Helping independent filmmakers to feel a little less alone in the development of their visions, the Sundance Institute originated not with the festival but a year-round series of feature film labs through which new talent could shape projects with input from experienced professionals and their peers. For these mostly first-timers, this is a career-changing opportunity that allows scribes and helmers to resolve a nascent project’s tone, story, structure and other problems they might not be able to address on their own.
“We look for projects where we can have the most creative impact,” says Michelle Satter, who, as director of the Institute’s feature film program, spends the week prior to the festival overseeing one of the org’s twice-yearly screenwriters’ labs.
According to Satter, the program’s mission of supporting and nurturing independent voices has not changed over the course of 30 years. However, as a reflection of the realities of indie filmmaking and financing, that support has evolved and expanded over time to include post-lab, script-to-screen efforts and most recently, access to digital distribution platforms via aggregator New Video. As projects often get stuck for financial reasons, the institute annually provides $500,000 in grants to approximately 30-40 projects. In addition to funds, support takes many forms: a stint at another Sundance lab, formal screenplay readings, introductions to producers and works-in-progress screenings.
To Satter, these private screenings have the biggest impact on projects because they provide valuable creative input. “What we do is provide feedback at a critical moment: not how to solve an issue but rather, here’s where a film is not working,” says Satter. Unlike in a studio situation, there are no notes to address. “We’re not financiers or producers. The filmmakers make their own choices.”
Traditionally, the peril of workshopping creative endeavors can be that original voices are molded into acceptable formulas. “You don’t watch Sundance lab films and think, these are cut from the same cloth,” finds Sundance attendee Jason Resnick, an indie producer and consultant. “Nor are filmmakers pushed into genres, pandering to the desires of distributors.”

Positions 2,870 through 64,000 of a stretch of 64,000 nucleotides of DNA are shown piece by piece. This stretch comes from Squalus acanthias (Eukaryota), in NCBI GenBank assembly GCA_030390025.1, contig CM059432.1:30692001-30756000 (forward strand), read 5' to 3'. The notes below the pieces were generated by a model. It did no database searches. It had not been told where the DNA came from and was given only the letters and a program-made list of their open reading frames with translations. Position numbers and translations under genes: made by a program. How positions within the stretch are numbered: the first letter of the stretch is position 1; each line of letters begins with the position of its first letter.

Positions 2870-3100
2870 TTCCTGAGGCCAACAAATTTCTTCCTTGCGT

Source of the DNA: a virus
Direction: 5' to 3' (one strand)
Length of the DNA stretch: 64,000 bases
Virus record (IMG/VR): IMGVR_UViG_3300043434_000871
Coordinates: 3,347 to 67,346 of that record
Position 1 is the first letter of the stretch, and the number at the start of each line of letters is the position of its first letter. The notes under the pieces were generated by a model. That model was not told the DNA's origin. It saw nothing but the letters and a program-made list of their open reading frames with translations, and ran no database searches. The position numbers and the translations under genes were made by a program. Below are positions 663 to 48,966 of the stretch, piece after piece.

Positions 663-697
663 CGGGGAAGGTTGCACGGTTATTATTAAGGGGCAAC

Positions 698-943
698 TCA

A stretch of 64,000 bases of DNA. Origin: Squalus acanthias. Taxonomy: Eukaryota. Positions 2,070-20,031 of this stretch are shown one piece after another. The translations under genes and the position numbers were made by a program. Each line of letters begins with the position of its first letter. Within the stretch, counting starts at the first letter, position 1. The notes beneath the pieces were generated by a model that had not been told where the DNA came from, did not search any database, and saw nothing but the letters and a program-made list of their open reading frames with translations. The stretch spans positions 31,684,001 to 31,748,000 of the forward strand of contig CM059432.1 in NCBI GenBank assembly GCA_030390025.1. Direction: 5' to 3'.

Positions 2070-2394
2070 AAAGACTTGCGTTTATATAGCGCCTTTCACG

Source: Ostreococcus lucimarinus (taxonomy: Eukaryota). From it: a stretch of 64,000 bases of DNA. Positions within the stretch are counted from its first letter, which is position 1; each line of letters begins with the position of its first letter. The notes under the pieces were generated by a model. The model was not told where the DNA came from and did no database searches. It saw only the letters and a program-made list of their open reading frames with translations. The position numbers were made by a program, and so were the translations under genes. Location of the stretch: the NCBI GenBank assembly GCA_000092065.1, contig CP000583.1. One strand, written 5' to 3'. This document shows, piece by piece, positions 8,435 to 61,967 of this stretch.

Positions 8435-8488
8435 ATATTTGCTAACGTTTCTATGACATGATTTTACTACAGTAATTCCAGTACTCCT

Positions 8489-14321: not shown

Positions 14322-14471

Instead, the Sundance imprint could be generally described as a focus on character-based scripts with artistic intentions. For instance, while indie scare-fests are a staple of Sundance’s Park City at Midnight section, it’s unlikely there will ever be a lab-sponsored horror pic.
Although the labs seek out risk-takers with original points of view and unusual stories, Satter can also point to a long history of commercial and critical successes spawned by Sundance labs, including Quentin Tarantino’s “Reservoir Dogs,” Darren Aronofsky’s “Requiem for a Dream” and Sean Durkin’s “Martha Marcy May Marlene.”
It seems natural that projects shepherded by the labs would find their way into the festival lineup. While the perception is that lab films have a leg up when it comes to Sundance fest acceptance, Satter contends the opposite is true. “The bar is higher for lab projects: Programmers expect more out of them,” she says. “The film has to work on the screen.”
Per Satter, on average over the past 15 years, 45% of lab projects were produced and 90% of those were distributed, though not always theatrically. In total, 164 finished works supported by the feature film program have been selected for the fest. This year, five lab projects will premiere in the dramatic competition (including opener “Hello I Must Be Going” and international entry “My Brother the Devil”), with seven more screening in other sections of the fest.
But in today’s era of YouTube sensations and DIY digital filmmaking, do indie filmmakers need this kind of coddling? Are the labs, in effect, subjecting would-be auteurs to filmmaking-by-committee? Director Ry Russo-Young’s “Nobody Walks” went through three labs and a formal reading via Sundance.
“They really want you to make the movie you want to make and express it as clearly as possible,” says the helmer, who co-wrote the screenplay with Lena Dunham (“Tiny Furniture”) under the Institute’s wing. “They taught me to ask the right questions when thinking about a script and a movie.”
As a participant in four Sundance labs, “Beasts of the Southern Wild’s” director Benh Zeitlin found that self-examination is primary. His description of the dynamic epitomizes a zen approach: “They don’t tell you what you should be doing; you look at yourself until it becomes clear,” he says.
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